About

I started my career as a high school social studies teacher in Gwinnett County, Georgia, and spent almost seven years in the classroom before completing my doctoral work in teacher education at the University of Georgia and joining the faculty at Gettysburg College in 2008. My work at Gettysburg focuses primarily on helping students understand the complexities of teaching and education policy, and helping them shape their own educational philosophies; I also teach a seminar for first-year students that exposes them to the American folk music tradition and helps them explore the various ways people have used music to express themselves politically and agitate for social change. After earning tenure in 2014 I served as chair of the Education Department for three years, where I helped rebuild our curriculum and coordinated the establishment of a new minor in Educational Studies. I now serve as chair of Interdisciplinary Studies. From 2014-17 I wrote a regular column for Education Week as the “K-12 Contrarian.”


Education

A.B., History, College of William & Mary (1996)

M.Ed., Social Studies Education, University of Georgia (2000)

Ph.D., Social Studies Education, University of Georgia (2008)


Straight From the Fridge

I still like the Atlañta Braves, even though they moved to Cobb County. Love ’em, really.

I enjoy reading the great work Chuck Reece and his people do at The Bitter Southerner––especially that kick-ass education column they’ve got going over there. I don’t live down south anymore, but The BS feeds my fascination with southern music, culture, politics, and storytelling, all of which is more varied and more complex than most of the rest of the country has been led to believe. Time spent there is time well spent.

I am proud to have been educated at the best school in Virginia (making it one of the best anywhere), where I studied literature and history and learned how to write like somebody who knows what the hell he’s talking about. Tribe Pride.

I’m an (occasionally) obnoxious Georgia fan. Ain’t nothing finer in the land.

I only believe in fake punts when they’re there. If they aren’t there, that’s what timeouts are for.

I like Woody Guthrie, John Prine, the Old 97s, Steve Earle, Sturgill Simpson, Robert Earl Keen, Bob Dylan, Muddy Waters, Neil Young, Old Crow Medicine Show, Shovels & Rope, the Drive By Truckers, Lucinda Williams, Paul Burch, Jason Isbell, and too many other musicians to mention them all.

I also like John Francis, Erin McKeown, Sarah Lee Guthrie, Rob Tepper, Dom Flemons, Rhiannon Giddens, Leyla McCalla, Bhi BhimanAlynda Segarra, and our latest visitor, Will Johnson––purveyor of fine music and art––and think they kick ass for taking the time to come to Gettysburg and perform for our students and even meet with them to talk about protest music and social change. I still wish Arlo had let us know that he was going to be hanging out at McClellan’s after his show. Next time, Arlo.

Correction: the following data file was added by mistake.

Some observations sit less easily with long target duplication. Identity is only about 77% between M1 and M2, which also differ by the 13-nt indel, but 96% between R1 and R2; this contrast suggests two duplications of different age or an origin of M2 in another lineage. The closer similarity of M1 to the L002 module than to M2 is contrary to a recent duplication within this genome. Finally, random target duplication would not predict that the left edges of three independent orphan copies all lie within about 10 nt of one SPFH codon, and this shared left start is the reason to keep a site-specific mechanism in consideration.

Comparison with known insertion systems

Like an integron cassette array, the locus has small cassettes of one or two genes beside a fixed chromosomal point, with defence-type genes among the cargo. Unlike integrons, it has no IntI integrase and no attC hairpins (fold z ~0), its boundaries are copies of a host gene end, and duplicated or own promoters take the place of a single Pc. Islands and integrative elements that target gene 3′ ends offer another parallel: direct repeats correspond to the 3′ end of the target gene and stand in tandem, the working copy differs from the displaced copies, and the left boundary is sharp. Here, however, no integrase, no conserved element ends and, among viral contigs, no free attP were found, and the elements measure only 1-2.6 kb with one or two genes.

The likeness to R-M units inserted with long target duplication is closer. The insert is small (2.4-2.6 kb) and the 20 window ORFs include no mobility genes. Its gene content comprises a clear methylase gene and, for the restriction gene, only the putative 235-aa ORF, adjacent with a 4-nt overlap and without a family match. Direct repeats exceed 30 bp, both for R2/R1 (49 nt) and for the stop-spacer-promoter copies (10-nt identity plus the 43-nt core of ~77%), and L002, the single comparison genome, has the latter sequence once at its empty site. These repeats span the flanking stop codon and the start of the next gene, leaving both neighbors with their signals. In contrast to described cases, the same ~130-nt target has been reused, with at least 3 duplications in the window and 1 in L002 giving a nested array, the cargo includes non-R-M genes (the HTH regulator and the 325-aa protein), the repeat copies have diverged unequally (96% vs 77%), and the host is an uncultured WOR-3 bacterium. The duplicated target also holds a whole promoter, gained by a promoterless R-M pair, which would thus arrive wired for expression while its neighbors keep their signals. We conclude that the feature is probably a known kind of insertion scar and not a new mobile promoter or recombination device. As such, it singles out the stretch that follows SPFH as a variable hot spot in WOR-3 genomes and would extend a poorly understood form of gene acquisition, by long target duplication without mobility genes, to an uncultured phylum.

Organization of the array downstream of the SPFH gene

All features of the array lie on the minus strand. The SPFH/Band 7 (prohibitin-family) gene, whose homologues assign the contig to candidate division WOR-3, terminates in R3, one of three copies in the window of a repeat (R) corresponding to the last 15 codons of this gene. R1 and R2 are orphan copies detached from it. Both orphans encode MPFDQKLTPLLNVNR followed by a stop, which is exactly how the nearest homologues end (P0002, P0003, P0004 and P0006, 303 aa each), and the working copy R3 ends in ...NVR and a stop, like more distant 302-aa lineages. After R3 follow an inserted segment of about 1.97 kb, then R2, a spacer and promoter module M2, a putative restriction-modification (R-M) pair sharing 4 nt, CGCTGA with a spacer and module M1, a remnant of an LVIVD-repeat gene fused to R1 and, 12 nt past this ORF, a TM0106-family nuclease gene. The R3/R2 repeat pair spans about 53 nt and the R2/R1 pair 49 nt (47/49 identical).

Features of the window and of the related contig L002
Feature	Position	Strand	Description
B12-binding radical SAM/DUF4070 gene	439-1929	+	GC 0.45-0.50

Also Billy Bragg. It doesn’t get much better than Billy Bragg.

Billy Bragg meets with the London Seminar group.

By the Numbers

Four: I am married to a strong (and good-looking) woman, and together we have four above-average children. Just, please: don’t ask for the test scores to prove it.

One: I have been project director of one NEH-sponsored workshop for teachers, and had a great time doing it. Don’t believe what you’ve heard: there are a lot of really good teachers out there. Smart ones, too.

One-hundred and eleven: The number of “posts” I made to my “blog” at Education Week from 2014 until I retired it in 2017. Writing for page-clicks is harder than it looks, especially if you want to write stuff worth reading, but I enjoyed it more than I usually admit.

Five: I’ve lived in five states in my life: Indiana, South Carolina, Virginia, Georgia, and Pennsylvania. I have my favorites.

ThirteenThe number of students who accompanied me to London to participate in Gettysburg College’s London Seminar in the fall of 2017. The class they took, “London Calling: Punks Protest & Cultural Change in the UK,” focused on the emergence of popular protest music in the US and UK over the course of the 20th century, with special emphasis placed on the emerging youth counterculture of the 1960s, and featured almost-daily encounters with outstanding guides to the city of London and important sites around the city. We also had the chance to meet two of Britain’s great folk singers and political activists: Roy Bailey and Billy Bragg. Now we just have to figure out how to do it all again.

Four: Number of times I’ve taught my first-year seminar, “This Machine Kills Fascists!: Protest Music & Social Change in the American Experience,” which has allowed me to finally fulfill my dream of getting paid to sit around and listen to music all day.

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